at a gentle heat for 1 hour. "When cold put syrup used for sweetening.
them into barrels and add 1 gallon 95 per 797. To Make Absinthe by Distilla-
cent, spirit to each 10 gallons of the juice. tion. Put the following ingredients into a
793. To Make Cherry Bounce (Su- cask 1 pounds large absinthe, 2 pounds

perfine). To 15 gallons cherry juice, add 15 small absinthe, 24 pounds long fennel, 24
gallons 80 per cent, spirit; 30 gallons Catalonia pounds star anise (breaking the star only), 24
or Marseilles wine 1 ounces essence of noyau; pounds green anise seed, 6 ounces coriander

3 ounces mace infused in 1 quart 95 per seed, and 1 pound hyssop moisten the whole ;

cent, alcohol; pound cinnamon infused in 4 with a little water, allowing it time to soften
gallon water; pound cloves ground and and swell then add 12 gallons 95 per cent,

infused in 1 quart of water. Put all the alcohol, and steep for 2 or 3 days next add ;

above ingredients in a clean barrel and add 60 10 gallons water, and let the whole steep for
gallons sugar syrup 23 Baunie. Stir up the 1 day more. The water will reduce the alco-.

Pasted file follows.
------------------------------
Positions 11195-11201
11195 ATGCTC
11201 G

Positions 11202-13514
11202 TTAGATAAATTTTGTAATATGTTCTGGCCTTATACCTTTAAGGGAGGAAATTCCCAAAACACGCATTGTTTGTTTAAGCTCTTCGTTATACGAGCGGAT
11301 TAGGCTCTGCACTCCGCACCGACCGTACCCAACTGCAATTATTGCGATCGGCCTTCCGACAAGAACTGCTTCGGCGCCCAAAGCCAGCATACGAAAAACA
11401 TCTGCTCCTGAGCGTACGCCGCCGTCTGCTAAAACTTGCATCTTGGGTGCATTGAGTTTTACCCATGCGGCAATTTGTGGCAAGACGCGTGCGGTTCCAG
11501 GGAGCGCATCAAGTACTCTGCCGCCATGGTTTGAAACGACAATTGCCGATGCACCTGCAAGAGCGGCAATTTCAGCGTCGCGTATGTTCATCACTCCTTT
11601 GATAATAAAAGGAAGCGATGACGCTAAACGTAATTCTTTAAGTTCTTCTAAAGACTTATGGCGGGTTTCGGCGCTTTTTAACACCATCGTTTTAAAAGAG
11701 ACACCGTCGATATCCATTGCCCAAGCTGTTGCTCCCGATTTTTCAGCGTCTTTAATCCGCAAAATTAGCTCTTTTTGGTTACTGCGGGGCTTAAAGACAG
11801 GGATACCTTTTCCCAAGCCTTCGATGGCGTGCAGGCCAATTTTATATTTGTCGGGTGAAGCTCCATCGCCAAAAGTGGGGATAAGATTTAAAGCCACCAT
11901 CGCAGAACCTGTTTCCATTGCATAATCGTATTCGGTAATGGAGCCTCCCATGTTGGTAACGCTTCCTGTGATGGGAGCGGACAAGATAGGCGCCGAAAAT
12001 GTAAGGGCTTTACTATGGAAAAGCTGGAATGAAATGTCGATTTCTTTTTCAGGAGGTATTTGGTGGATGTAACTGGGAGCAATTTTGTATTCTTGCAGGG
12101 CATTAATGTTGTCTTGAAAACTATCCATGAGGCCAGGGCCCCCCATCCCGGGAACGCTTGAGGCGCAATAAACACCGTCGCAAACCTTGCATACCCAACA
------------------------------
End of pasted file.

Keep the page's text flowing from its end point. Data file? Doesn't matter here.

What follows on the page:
ingredients well, and filter after 4 or 5 days. hoi to about 23 gallons of proof spirit. Dis-
If the color is not deep enough add a little till it, and it will produce nearly 15 gallons
sugar coloring. The above receipt is to make absinthe of 65 to 70 per cent, strength.
120 gallons, but a much smaller quantity may Change the receiver as soon as the spirit, as it
be made by reducing the quantity of each in- comes from the worm, begins to assume a
gredient and observing the same proportion in reddish tinge. Color the distilled product, by
all. steeping in it for 10 or 15 days 4 pound mint
794. To make Cherry Bounce (Sec- leaves, i pound melissa leaves, 4 pound small
ond duality). To 12 gallons cherry juice, absinthe, 2 ounces citron peel, and 4 pound
add 30 gallons 80 per cent, spirit 30 gallons bruised liquorice root. Strain and filter.